The time of Burrugin – Tugarah Tuli.
Cold, frosty, short days (June / July)
The annual cycle of the D’harawal landscape comprises six seasons, one of which is the season of Tugarah Tuli.
This is the time when the male Burrugin (echidnas) form lines of up to ten as they follow the female through the woodlands in an effort to wear her down and mate with her. It is also the time when the Burringoa (Eucalyptus tereticornis) starts to produce flowers, indicating that it is time to collect the nectar of certain plants for the ceremonies which will begin to take place during the next season. It is also a warning not to eat shellfish again until the Boo’kerrikin blooms.
The flowering of the Burringoa (Eucalyptus tereticornis) signifies the coming of the really cold weather and the appearance during the day of the echidna forming long, jostling lines, with a female in the lead and several males following her in a mad race through the bushland.
The appearance of the Burringoa blossoms also indicates that it is a time when the people are not permitted to eat shellfish such as prawns, crabs, yabbies, mussels, pipis, lobsters or periwinkles; but the nectar-laden flowers attract other creatures such as possums and birds to provide adequate food to survive the cold times.
The Kai’mia (Doryanthes excelsa) begins its flowering processes during the Season of Burrugin. The gigantic flower stem tip reaches the top of the long leaves, and as it begins to turn red the D’harawal People would prepare for a trip to the headland of Jibbon (Bundeena) where the women would sing the whales through, wishing them a safe journey and warning them of hazards they may face as they travel north. The whales and their relatives and the D’harawal Peoples had a special relationship, with both sides owing a kin debt to the other. Although whale meat was a favoured food, the D’harawals ate only the dead, stranded whales, and never killed them.
The gigantic flower stem tip reaches the top of the long leaves, and as it begins to turn red the D’harawal People would prepare for a trip to the headland of Jibbon (Bundeena) where the women would sing the whales through, wishing them a safe journey and warning them of hazards they may face as they travel north.Frances Bodkin, D’harawal Climate and Natural Resources
Burumurring, the female wedge-tailed eagle, and her mate, the much smaller Mananga, the male wedge-tailed eagle, can be seen during the Tugarah’tuli performing their mating flight, a graceful, spectacular, circling, sky dance. They build a huge nest of sticks, usually in a fork in the top of a tree, just over the brow of a hill, and line the nest daily with fresh eucalyptus leaves in which is laid one to three whitish eggs, blotched or streaked reddish-brown. Only one of the chicks usually survives to become a fledgling.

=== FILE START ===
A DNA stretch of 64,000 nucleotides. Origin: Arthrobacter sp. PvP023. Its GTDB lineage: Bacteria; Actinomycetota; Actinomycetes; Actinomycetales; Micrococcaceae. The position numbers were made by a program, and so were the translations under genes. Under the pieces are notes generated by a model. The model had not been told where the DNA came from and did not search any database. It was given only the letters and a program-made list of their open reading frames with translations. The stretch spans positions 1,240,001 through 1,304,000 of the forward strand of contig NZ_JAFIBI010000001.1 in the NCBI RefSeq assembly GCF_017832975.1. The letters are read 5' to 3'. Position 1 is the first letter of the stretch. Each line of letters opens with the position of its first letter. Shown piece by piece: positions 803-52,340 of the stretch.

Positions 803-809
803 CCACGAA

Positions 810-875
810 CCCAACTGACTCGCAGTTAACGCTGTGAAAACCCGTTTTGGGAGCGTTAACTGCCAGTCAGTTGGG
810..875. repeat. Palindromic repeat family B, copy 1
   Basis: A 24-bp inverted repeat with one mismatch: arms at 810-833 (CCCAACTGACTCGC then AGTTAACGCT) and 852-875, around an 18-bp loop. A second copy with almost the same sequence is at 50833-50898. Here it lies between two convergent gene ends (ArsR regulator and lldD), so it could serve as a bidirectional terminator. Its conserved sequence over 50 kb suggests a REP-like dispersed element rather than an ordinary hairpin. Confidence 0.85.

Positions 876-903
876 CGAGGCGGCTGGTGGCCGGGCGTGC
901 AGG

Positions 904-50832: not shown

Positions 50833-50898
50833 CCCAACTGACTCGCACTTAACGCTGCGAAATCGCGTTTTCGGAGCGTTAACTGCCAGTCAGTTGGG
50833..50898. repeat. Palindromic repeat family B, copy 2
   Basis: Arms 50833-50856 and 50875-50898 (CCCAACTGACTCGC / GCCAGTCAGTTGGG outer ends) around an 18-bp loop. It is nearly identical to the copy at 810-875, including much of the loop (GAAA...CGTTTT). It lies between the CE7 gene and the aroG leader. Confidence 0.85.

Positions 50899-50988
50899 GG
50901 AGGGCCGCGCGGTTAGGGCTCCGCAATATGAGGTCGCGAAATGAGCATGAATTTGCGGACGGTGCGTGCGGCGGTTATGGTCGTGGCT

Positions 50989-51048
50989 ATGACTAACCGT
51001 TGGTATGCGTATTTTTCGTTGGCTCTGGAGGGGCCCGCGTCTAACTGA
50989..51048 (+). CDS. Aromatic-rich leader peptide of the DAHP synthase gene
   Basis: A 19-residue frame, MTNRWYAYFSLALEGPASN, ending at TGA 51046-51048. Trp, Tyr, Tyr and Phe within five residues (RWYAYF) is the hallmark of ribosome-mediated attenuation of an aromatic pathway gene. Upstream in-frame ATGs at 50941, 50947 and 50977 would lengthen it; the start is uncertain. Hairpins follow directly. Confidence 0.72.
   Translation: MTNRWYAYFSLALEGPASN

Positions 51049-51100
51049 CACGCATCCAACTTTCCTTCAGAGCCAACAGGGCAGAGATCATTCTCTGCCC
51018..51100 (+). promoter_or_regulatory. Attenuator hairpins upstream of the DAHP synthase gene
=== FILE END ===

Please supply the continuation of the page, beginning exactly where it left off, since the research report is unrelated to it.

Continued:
Wirrgan, the noisy miner, builds her nest, a cup-shaped structure of twigs, grass, spiders’ web, hair or fur, in the fork of a tree branch in which she lays two to four whitish pink eggs, spotted reddish-brown during this season. Wirrgan has an honoured place amongst the D’harawal Peoples as they warn the people of dangers in the bushland. A group of these noisily chattering birds will flutter from branch to branch of a tree looking downwards, warning the Dharawals of a snake or other danger ahead.
In the earlier part of the Season of Burrugin, Diruwun the magpie will begin his displays, and challenge any rivals entering his territory. He will mate with the female. and stay with her, helping in the care of the two or three hatchlings. Diruwun can recognise colours, but not necessarily faces of humans, and will attack anything of the same colour that had previously tried to disturb the nest. This problem is demonstrated when a child wearing a school uniform will throw stones at the occupied nest, and the magpie will attack anyone wearing those same colours. It is not Diruwun’s fault. It is the fault of the human who attacked the bird in the first place when a magpie terrorises all who wear the same colour as the attacker.
During the nights of the Tugarah tuli the treetops will be disturbed by the mating activity of the Wobin, the feathertail glider, as he woos his mate. They will race through the treetops, jumping nimbly from branch to branch, then leaping into a controlled glide that will take them up to twenty five metres from launching. They build a spherical nest of leaves in the hollow of a tree in which two litters of three or four babies may be raised each year.
During the nights of the Tugarah tuli the treetops will be disturbed by the mating activity of the Wobin, the feathertail glider, as he woos his mate.Frances Bodkin, D’harawal Climate and Natural Resources
The Illawarra is located on D’harawal land. We acknowledge that the Wodi-Wodi people are the Traditional Custodians of the land and have lived sustainably in this landscape for thousands of years. They understand the complex and interconnected cycles of weather, plants and animals.
We acknowledge and thank Dr Frances Bodkin and illustrator Lorraine Robertson for allowing us to share their work in this story. If you are interested in learning more, we recommend visiting the website D’harawal Stories and ordering the two books: D’harawal Dreaming Stories and D’harawal Climate and Natural Resources, both compiled by Frances Bodkin and illustrated by Lorraine Robertson and published by Envirobook.